Freeths lawyer urges NHS to update its warnings of deadly bug which can affect heart operation patients’ years after surgery
Clinical Negligence consultant Paul Balen, of national law firm Freeths has urged the NHS to update its warnings of the risk caused by the deadly mycobacterium chimaera infection to patients who had heart valve surgery as far back as 2005.
Contaminated LivaNova heater cooler units
This comes after a series of inquests into deaths highlighted that doctors and patients were unaware of the risk caused by mycobacterium chimaera released from contaminated LivaNova heater cooler units (HCU) used in heart operations culminating in the latest inquest verdict of neglect.
Bacterium can lay dormant for over 13 years
New evidence shows the bacterium can lay dormant in the body for over 13 years, much longer than previously thought. Spotted early enough M.chimaera can be successfully treated with antibiotics. However, if left untreated, the infection can spread, causing life threatening complications.
Paul, who has acted for many victims and their families, said: “All patients who have undergone open heart surgery using LivaNova HCUs since 2005 and their doctors should be warned by the NHS of this danger.”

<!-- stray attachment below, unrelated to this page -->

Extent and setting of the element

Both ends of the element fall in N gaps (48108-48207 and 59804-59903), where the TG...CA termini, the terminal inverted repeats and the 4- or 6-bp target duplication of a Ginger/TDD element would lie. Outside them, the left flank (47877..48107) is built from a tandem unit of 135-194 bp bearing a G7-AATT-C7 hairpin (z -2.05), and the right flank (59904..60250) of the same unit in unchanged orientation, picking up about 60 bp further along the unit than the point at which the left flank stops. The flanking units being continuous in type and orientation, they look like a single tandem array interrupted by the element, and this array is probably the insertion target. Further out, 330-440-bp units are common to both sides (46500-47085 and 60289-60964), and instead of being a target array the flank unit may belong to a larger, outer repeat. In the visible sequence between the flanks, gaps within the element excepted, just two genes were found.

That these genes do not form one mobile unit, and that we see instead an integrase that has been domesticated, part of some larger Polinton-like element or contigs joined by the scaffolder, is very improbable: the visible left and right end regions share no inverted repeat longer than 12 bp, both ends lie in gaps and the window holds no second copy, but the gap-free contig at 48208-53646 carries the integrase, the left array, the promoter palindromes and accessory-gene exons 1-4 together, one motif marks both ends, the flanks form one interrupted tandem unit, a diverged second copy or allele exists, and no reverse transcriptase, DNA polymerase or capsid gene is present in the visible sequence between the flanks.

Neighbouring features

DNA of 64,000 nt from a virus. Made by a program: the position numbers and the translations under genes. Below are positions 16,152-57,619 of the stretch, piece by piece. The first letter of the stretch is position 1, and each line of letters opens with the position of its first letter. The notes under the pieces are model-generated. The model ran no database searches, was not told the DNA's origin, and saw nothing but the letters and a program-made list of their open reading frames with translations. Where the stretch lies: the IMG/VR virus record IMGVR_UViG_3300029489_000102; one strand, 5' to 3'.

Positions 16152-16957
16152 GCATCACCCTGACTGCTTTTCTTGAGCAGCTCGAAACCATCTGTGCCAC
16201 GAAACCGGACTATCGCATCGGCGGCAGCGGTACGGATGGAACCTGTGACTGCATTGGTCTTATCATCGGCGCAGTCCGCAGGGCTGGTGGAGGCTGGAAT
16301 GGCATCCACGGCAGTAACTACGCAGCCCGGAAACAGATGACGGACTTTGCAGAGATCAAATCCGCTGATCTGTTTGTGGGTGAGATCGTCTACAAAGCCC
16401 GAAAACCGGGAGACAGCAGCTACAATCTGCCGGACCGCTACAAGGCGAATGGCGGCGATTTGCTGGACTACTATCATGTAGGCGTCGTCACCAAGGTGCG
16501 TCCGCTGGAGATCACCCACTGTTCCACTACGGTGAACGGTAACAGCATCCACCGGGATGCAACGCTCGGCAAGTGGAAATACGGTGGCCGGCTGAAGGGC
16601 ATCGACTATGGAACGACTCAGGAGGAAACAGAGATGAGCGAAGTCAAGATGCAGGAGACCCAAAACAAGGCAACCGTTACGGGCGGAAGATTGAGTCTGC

HCUs are used during surgery to regulate the temperature of blood as it is passed outside the body to be pumped with an artificial heart, while the organ is temporarily stopped. It is thought that there are now 33 deaths from a recorded 49 cases.
Inquest demonstrates need for warning alert on patient records
Paul added: “Coroners are being repeatedly told that doctors were unaware of this rare illness. If nothing else this inquest demonstrates the need for all patients who had undergone open heart surgery after 2005 at hospitals using LivaNova heater cooler units having a warning alert placed on their patient records so doctors are aware of the issue. If further lives can be saved as a result the exercise would be worthwhile.”
Q: Should I be worried about mycobacterium chimaera following the recent inquests?
We are of course lawyers not doctors and only act for patients or their relatives where there is a confirmed diagnosis of mycobacterium chimaera. Please rely on the advice/diagnosis given by doctors, but if you suffer from an unexplained illness with symptoms as explained in the existing NHS guidance and you have had a heart operation between 2005 and 2017, do remind your doctor of this problem as most doctors seem unaware of it – hence the request for the NHS to alert doctors of the small but serious risk involved.
Q: I have had a confirmed diagnosis of mycobacterium chimaera. What should I do?
Contact us by completing our enquiry form below and one of our lawyers dealing with mycobacterium chimaera will be in touch with you.
Claims against mycobacterium chimaera infection
The content of this page is a summary of the law in force at the date of publication and is not exhaustive, nor does it contain definitive advice. Specialist legal advice should be sought in relation to any queries that may arise.
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